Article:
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Village of Lewiston: Public hearings set for 2013 budget, $98K capital improvements

by jmaloni
Tue, Apr 3rd 2012 07:00 am

by Joshua Maloni

The Village of Lewiston Board of Trustees will hold two public hearings on Wednesday, April 18. The first conversation concerns the tentative budget for fiscal year 2012-13, while the second involves application for capital project-related bond anticipation notes.

Tentative Budget

Following Monday's work session, copies of the work-in-progress budget were given to members of the media. Clerk Anne Welch said the figures would change, so the packet was almost moot. However, Mayor Terry Collesano said "most of the big items are taken care of," and, barring any additional changes, the board would try and keep the tax rate flat at $7.12 per $1,000 of assessed valuation.

"That's what we're working toward," he said.

Collesano noted the two biggest wildcards in the village budget are the Lewiston Police Department contract (now in negotiations with the Town of Lewiston), and union costs associated with the Department of Public Works.

Earlier on Monday, the state retirement fund, a program the village buys into, issued notice that fees for the next fiscal year had risen by about $10,000.

Capital Improvements

With regard to the bond anticipation notes, the board intends to apply for between $98,200 and about $103,000 to cover the costs of fixing new inflow and infiltration problems. The Village of Lewiston shares water services with the Town of Lewiston and the Town of Porter through the Town of Lewiston Water Pollution Control Center. Following a period of proper usage, the municipality sent between 13 percent and 18 percent more than its allotted portion to the WPCC in 2010 and 2011.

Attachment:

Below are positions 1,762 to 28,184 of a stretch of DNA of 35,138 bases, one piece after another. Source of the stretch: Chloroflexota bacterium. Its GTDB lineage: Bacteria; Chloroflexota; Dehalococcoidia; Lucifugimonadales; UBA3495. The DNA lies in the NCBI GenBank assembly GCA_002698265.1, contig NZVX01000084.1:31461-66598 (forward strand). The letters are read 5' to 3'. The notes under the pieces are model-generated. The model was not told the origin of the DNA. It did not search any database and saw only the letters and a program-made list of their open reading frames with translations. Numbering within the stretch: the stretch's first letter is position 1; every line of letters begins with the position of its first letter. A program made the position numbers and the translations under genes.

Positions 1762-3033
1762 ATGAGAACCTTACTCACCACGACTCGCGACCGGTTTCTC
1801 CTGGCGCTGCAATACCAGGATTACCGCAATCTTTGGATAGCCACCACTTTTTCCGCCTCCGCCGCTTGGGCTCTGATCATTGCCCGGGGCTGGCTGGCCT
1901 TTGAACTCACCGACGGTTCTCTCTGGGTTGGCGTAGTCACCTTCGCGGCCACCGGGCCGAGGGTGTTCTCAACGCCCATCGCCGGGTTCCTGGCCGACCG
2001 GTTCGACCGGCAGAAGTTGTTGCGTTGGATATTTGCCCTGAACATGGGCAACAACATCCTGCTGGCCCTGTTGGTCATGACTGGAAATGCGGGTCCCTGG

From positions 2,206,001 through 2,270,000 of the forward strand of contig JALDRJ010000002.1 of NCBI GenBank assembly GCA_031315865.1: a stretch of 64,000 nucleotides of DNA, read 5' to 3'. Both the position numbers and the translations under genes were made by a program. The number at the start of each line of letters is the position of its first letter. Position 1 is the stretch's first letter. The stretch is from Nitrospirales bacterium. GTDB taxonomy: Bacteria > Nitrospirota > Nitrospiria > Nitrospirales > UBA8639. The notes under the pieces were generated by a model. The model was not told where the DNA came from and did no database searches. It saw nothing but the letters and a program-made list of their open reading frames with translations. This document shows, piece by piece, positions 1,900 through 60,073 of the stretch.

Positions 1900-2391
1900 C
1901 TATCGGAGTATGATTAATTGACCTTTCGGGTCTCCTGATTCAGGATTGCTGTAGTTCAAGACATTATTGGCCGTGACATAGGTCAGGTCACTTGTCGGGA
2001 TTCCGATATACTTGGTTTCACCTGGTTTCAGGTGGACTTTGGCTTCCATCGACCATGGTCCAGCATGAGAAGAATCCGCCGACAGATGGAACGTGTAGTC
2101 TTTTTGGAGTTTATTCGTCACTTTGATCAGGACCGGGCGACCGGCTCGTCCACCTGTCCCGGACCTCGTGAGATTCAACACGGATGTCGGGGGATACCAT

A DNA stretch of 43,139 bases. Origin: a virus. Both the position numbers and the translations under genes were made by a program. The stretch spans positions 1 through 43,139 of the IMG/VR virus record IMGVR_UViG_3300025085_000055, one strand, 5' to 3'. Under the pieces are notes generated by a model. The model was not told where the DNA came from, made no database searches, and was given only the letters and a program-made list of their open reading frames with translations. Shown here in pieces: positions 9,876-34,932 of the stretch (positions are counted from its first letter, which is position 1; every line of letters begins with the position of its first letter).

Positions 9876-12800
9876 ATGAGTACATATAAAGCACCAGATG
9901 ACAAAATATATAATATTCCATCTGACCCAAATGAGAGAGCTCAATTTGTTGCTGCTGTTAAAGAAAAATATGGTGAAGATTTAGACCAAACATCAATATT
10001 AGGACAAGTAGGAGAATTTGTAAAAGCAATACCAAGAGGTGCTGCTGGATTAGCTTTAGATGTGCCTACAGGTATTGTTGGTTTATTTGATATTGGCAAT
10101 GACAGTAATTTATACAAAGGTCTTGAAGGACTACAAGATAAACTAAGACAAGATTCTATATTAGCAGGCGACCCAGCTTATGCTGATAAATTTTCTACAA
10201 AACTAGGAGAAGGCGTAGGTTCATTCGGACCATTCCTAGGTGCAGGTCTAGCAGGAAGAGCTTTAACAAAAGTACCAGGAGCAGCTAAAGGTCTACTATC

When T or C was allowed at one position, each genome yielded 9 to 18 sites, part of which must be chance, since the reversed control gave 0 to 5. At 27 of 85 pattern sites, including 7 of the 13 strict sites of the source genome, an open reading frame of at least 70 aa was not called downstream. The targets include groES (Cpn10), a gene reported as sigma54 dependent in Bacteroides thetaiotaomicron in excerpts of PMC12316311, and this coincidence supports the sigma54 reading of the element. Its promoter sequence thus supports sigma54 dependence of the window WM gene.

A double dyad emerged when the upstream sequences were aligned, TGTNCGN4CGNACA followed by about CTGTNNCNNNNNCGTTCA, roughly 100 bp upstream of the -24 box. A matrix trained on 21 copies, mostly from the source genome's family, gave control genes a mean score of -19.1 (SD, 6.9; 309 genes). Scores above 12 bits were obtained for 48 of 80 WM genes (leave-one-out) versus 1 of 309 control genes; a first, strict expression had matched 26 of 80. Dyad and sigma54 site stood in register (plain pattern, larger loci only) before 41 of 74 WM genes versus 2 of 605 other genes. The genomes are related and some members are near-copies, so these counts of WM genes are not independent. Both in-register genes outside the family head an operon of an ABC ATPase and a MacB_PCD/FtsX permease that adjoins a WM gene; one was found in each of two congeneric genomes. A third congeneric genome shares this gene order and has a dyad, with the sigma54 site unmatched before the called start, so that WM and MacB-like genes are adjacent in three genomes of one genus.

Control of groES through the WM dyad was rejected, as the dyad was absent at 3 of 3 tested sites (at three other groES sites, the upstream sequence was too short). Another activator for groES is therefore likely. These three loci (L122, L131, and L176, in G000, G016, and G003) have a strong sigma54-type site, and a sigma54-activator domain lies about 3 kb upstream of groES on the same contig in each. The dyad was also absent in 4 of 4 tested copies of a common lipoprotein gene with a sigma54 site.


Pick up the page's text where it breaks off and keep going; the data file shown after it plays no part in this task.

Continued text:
Village Engineer Richard San Giacomo briefed trustees on proposed capital improvement projects for 2012. Four of the five projects are designed to reduce both the level of unaccounted water and, ultimately, the amount spent on treatment.

"I think it's important we stay ahead of these problems," San Giacomo said. "If we ignore this again, I think we're going to have a problem."

San Giacomo worked closely with former trustee Mike Marra and the DPW in reducing the village's previous inflow and infiltration overages through a series of scopings and subsequent sewer line patches or replacements. Through their efforts, the village dropped below 100 percent usage.

But when that happened, subsequent inflow and infiltration repair efforts tapered off. Unfortunately, "You correct an area, then it moves to another area," San Giacomo said. "We found problem areas ... that weren't there before."

"Now we're back where we started," he said.

To lessen erroneous inflow and infiltration, San Giacomo recommended the installation of 1,200 linear feet of 12-inch storm sewer on North Fourth Street, from Oneida to Chicora (estimated cost: $13,700; work to be done by DPW); replacing 300 linear feet of 8-inch sanitary sewer on East Lane ($55,000; private contractor); locating and repairing sewer lateral on Mohawk Street near West Lane ($2,500; private contractor); and further analysis and TV inspection ($12,000; private contractor).

He also included one non-water-related project, which is the installation of parking spaces at Academy Park ($15,000; DPW).

Under the terms of the bond anticipation note, the village would borrow the full amount while initially only paying about $1,000 in annual interest fees.

Collesano said the repairs could save the village between $20,000 and $30,000 annually in water usage fees, thus allowing the village to pay off the bond.

San Giacomo agreed, and said, "I would hope in five years this would pay for itself."

"Each year we do I-and-I we save money," he added.

The capital improvement projects would count against the 2013-14 budget.

Board Thanks Al Soluri

Collesano and trustees thanked former Village of Lewiston Police Commissioner Al Soluri for his time serving the community. The board abolished the police commission at a joint meeting with the Town of Lewiston on March 26.

"The dedication that he put in ... was far from the norm," Collesano said.

The mayor credited Soluri with parking and traffic improvements at Artpark, as well as the push to reduce the concert crowd size.

"He succeeded at doing almost an impossible task," Collesano said. "If it weren't for Mr. Soluri, we wouldn't be in the position that we're in now.

"We are very much thankful for his service."

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